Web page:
Rules for Rallies: Avoiding conflict over abortion victim photos
It’s a source of conflict and it won’t go away. What do you think? Please comment.
More and more, pro-life activists are showing up at political events, Tea Party functions, Christian assemblies, and even pro-life rallies to display abortion victim photos (AVPs). We at CBR do it, and so do others.
Event organizers routinely take exception to this, asserting that we are being disrespectful, divisive, disruptive, etc. They ask us to put away our signs. “This isn’t the time or place,” they say.
We do it anyway. It is our duty to expose injustice. Yet, over and over again, it is never the disaster that rally organizers fear. Maybe it’s because we always respect the rights of organizers to reserve space for their own exclusive use, and we never disrupt or interfere with any of their activities. Here is how we do it:
- We communicate our intent to display AVPs near the subject event.
- We assure the organizers that we will keep our signs out of whatever space they have reserved for their own exclusive use.
- We promise that we will not go near the podium nor interfere with the event in any way.
- We make it clear that we are not there to protest their event, but to deliver our message to an important audience. We come as friends and co-laborers, albeit determined to fulfill our own particular mission.
- We even let the event organizers tell us where they want us to stand, within reason. When they see that we are reasonable, then they are reasonable (most of the time).
- We send a letter or e-mail to the police notifying them of our intent to display AVPs; we offer to meet with them to discuss locations, rules of conduct, etc.
Why do we show up at pro-life events? Because the abortion industry is chopping up little babies and selling them for parts, and somebody needs make that point clearly visible and undeniable.
Pro-lifers are an important audience for our message. We want them to see how serious abortion is. Almost every full-time pro-life activist can trace his activism back to that day he first saw an abortion photo.
We want to demonstrate how AVPs can be displayed in a respectful way.
Finally, we want to invite pro-lifers to become more active in the movement, perhaps as a vocation. That’s vocation, not vacation! The other side has made killing babies a full-time profession, but we have made saving them a part-time hobby.
Yes, pro-lifers are often our most important audience, but there are others. For example, we want news reporters to know that abortion decapitates and dismembers its victims. Whether they decide to report that fact is another thing, but at least they will know.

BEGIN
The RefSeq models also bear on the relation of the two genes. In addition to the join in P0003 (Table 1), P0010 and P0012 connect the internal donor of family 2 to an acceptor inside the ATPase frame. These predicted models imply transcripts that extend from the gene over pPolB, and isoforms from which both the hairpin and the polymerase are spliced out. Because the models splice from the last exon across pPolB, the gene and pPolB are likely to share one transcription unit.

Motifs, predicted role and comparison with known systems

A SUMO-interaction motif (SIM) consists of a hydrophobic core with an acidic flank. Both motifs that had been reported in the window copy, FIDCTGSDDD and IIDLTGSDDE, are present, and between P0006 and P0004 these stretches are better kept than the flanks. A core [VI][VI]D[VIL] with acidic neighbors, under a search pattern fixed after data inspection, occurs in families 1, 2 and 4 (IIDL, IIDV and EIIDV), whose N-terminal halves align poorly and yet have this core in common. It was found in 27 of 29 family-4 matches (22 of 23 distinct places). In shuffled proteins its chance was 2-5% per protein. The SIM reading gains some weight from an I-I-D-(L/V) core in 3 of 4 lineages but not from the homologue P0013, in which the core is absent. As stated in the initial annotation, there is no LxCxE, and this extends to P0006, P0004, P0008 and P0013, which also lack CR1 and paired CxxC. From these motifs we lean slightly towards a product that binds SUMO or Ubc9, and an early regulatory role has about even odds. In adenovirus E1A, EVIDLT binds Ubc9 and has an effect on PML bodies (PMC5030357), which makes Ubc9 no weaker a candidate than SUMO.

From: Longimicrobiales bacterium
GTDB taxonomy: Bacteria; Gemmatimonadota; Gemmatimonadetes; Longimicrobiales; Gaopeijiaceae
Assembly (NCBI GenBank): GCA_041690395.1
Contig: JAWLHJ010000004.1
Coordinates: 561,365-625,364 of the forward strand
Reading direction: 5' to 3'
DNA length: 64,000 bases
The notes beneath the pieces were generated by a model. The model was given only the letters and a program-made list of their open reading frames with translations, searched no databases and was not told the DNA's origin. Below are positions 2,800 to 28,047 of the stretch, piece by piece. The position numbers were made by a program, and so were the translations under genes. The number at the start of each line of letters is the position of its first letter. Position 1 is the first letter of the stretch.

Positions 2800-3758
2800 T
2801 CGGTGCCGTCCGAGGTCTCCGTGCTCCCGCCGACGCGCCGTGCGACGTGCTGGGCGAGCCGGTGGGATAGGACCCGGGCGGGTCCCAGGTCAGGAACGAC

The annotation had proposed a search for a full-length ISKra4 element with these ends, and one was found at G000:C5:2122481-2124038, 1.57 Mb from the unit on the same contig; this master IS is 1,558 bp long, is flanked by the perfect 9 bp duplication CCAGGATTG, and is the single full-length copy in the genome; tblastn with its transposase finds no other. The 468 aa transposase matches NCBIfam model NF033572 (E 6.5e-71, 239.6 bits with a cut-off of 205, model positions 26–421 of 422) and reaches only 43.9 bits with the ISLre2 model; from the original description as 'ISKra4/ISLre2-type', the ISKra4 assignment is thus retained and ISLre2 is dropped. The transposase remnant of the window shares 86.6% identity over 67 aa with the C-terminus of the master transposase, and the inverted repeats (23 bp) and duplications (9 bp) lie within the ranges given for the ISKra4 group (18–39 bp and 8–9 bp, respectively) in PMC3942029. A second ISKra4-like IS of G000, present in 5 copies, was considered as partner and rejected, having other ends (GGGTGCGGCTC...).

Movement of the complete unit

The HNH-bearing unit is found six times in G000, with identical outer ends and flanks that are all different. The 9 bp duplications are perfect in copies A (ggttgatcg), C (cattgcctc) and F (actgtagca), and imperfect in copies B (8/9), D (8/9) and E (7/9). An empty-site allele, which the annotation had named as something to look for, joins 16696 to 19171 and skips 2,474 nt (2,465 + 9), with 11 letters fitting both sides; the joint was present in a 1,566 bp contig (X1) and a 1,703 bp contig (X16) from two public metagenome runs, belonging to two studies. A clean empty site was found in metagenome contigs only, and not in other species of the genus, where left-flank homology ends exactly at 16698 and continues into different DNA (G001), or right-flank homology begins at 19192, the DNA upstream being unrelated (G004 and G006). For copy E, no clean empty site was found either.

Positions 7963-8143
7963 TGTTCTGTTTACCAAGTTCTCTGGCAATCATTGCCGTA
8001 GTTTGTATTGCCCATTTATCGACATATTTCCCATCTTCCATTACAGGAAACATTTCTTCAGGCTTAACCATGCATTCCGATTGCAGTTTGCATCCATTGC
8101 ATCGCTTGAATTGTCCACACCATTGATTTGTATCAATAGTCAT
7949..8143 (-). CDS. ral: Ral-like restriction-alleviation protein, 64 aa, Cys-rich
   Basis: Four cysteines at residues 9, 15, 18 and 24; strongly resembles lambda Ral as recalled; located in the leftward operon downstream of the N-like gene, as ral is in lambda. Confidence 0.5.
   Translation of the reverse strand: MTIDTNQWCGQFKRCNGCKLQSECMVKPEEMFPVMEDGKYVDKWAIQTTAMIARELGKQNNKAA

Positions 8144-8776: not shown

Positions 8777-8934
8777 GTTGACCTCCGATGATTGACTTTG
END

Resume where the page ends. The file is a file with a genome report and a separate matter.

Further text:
Passersby will wonder what the rally is all about. We want them to see that the rally isn’t about the abstract notion of “choice,” but instead is about the decapitation and dismemberment of little human beings.
So what happens? Nothing bad. In the end, we have never caused a problem for event organizers, despite their initial fear and trepidation at our presence. They did their thing, we did ours, and we all sang Kumbaya at sunset. Well, maybe everyone didn’t sing Kumbaya, but nobody has ever claimed that we disrupted their event.
May we respectfully offer the following Rules for Rallies for your consideration:
- People who organize rallies have every right to set their own agendas.
- People who organize rallies have every right to control the space they reserve for their own exclusive use. They get to decide what signs get brought into that space and what signs don’t.
- People who organize rallies don’t get to control everything within visible sight, however. Spaces that are still available for general use (i.e., still available for use by the general public while the event is being held) may not be claimed by the organizers as off-limits to AVPs.
- People who display AVPs have every right to do so on the public sidewalk and in public spaces that are not being used by rally organizers.
- People who display AVPs have every right to target whatever audience they choose, including people who are going to or leaving a rally, with whatever message they choose. Just as the pro-life movement (PLM) is fighting against the status quo of abortion in society, some in the PLM are challenging the status quo of the PLM itself.
- People who display AVPs have as much right to engage people walking toward a rally as pro-lifers have a right to engage people walking toward an abortion facility.
- Nobody has the right to veto the proclamation of truth.
- Displaying AVPs near a rally does not disrupt a rally.
- People who display AVPs should, as a courtesy, notify the rally organizers of the plan to respectfully display AVPs on a nearby public space in a way that does not interfere with the rally itself.
- Under most circumstances, it is not unreasonable for the rally organizers to ask for a 5-foot buffer between their crowd and the people holding AVPs.
As a matter of course, we always notify the police that we intent to display AVPs. In our letter or e-mail, we normally offer to meet with them to answer questions and discuss specifics. This gives the police managers a chance to tell the street officers that we do indeed have the right to be there.
That’s what FAB thinks, but you might change our minds. What do you think?
This entry was posted on Thursday, July 30th, 2015 at 9:30 am and is filed under Pro Life Activism. You can follow any responses to this entry through the RSS 2.0 feed. You can leave a response, or trackback from your own site.